According to the United Nations Environment Programme marine debris is any persistent, manufactured or processed solid material discarded, disposed of or abandoned in the marine and coastal environment. Of the 120 marine mammal species listed on the IUCN Red List 54% are known to have been entangled in or have ingested plastic debris, according to the Global Environment Facility's report, Marine Debris: Defining a Global Environmental Challenge. Evidence of harmful effects of plastic on wildlife is mostly restricted to observations on individual specimens that have become entangled in or have ingested plastic debris. Plastic debris has also been implicated in the transport of non-native invasive species which can raft considerable distances on floating debris. Physical effects, such as entanglement of seals and other animals in drift plastic, increases with the size and complexity of the debris and potential chemical effects are likely to increase with a reduction in the size of plastic particles.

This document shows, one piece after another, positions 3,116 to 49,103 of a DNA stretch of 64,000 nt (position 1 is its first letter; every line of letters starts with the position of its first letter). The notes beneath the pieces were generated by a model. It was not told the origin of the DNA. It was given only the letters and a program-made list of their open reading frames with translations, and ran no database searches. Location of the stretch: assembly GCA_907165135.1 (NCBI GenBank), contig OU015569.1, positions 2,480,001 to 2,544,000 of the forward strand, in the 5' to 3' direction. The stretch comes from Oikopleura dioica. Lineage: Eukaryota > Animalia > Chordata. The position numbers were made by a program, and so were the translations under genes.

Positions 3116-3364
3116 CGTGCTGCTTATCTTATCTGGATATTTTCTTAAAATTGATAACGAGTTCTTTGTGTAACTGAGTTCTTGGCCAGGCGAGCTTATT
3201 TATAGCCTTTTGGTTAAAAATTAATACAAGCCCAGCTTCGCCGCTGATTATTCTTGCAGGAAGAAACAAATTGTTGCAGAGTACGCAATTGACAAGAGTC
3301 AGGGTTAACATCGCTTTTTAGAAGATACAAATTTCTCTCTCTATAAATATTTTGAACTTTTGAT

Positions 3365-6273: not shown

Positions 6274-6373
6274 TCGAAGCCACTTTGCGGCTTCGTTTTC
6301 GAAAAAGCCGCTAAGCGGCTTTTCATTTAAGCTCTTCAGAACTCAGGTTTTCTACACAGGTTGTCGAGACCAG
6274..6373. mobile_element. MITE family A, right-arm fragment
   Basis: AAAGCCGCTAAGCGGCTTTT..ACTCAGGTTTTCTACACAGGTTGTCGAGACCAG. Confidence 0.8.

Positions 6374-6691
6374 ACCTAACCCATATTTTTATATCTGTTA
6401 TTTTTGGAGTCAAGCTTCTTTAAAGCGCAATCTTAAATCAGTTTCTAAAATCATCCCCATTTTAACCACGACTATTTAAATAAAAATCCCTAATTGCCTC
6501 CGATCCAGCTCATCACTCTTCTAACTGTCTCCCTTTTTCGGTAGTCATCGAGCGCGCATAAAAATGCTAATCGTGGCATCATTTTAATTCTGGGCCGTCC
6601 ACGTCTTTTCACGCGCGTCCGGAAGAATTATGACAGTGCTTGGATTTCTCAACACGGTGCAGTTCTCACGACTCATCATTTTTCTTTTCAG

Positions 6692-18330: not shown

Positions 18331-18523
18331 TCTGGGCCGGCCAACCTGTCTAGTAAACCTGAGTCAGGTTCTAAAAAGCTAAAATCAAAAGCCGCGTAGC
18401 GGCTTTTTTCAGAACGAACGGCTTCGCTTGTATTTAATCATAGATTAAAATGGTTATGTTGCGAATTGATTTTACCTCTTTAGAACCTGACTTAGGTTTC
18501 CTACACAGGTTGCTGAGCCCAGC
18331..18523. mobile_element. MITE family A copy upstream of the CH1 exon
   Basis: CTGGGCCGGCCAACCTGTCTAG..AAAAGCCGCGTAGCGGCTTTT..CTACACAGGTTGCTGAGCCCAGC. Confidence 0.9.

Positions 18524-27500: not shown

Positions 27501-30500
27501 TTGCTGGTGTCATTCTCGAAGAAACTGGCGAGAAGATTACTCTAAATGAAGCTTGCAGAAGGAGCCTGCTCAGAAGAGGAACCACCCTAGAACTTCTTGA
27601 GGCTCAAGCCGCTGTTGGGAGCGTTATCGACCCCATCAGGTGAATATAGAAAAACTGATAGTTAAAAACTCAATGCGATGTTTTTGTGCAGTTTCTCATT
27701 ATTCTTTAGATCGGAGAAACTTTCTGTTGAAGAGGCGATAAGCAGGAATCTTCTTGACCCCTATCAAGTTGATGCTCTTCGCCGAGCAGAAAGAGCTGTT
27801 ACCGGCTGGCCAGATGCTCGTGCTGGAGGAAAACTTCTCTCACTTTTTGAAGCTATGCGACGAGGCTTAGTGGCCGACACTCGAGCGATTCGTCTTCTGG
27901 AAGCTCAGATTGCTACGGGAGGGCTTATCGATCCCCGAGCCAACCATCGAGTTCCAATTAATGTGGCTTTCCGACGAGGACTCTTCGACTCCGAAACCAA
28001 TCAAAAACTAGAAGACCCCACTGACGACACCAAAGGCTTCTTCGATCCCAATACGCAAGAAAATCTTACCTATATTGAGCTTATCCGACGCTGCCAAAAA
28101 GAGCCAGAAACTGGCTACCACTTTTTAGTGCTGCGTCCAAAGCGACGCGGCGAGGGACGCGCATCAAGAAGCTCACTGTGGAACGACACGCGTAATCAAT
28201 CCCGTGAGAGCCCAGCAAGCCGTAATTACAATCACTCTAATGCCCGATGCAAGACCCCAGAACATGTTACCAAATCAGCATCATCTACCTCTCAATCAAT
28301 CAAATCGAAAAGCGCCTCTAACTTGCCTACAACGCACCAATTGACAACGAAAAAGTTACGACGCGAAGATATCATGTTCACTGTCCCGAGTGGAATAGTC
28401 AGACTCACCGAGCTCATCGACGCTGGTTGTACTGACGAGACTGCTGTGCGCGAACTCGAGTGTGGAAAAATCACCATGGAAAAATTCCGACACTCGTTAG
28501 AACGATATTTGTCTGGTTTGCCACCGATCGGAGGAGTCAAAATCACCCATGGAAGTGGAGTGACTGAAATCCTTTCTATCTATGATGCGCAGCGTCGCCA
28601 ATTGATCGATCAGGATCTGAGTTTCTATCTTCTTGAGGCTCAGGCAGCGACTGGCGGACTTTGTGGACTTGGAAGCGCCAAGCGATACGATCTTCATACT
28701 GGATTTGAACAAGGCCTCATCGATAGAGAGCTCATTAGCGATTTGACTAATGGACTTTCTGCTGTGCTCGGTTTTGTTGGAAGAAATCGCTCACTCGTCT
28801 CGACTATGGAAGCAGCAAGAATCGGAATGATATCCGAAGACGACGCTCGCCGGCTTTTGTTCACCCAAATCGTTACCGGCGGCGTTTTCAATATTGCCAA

A good part of the marine debris from land-based sources results from unsustainable production, consumption, and poor waste management. Increased development, urbanization, and consumerism lead to increases in the use of disposable and non-degradable products and packaging, which results in increased generation of solid waste. Poor management or mishandling of waste materials creates the foundation for land-based sources of marine debris. The sources and movement pathways for plastic in the marine environment are in the publication Plastic Debris in the Ocean: UNEP Yearbook 2011.
Large quantities of debris can now be found in the most remote places of the ocean, and persist almost indefinitely in the environment. Dr. Melanie Bergmann from the Alfred Wegener Institute for Polar and Marine Research reports that biologists have recorded increasing amounts of plastic litter in the Arctic deep sea.Their studies confirm that the amount of marine debris lying on the seabed, mostly plastic, has doubled today compared to ten years ago.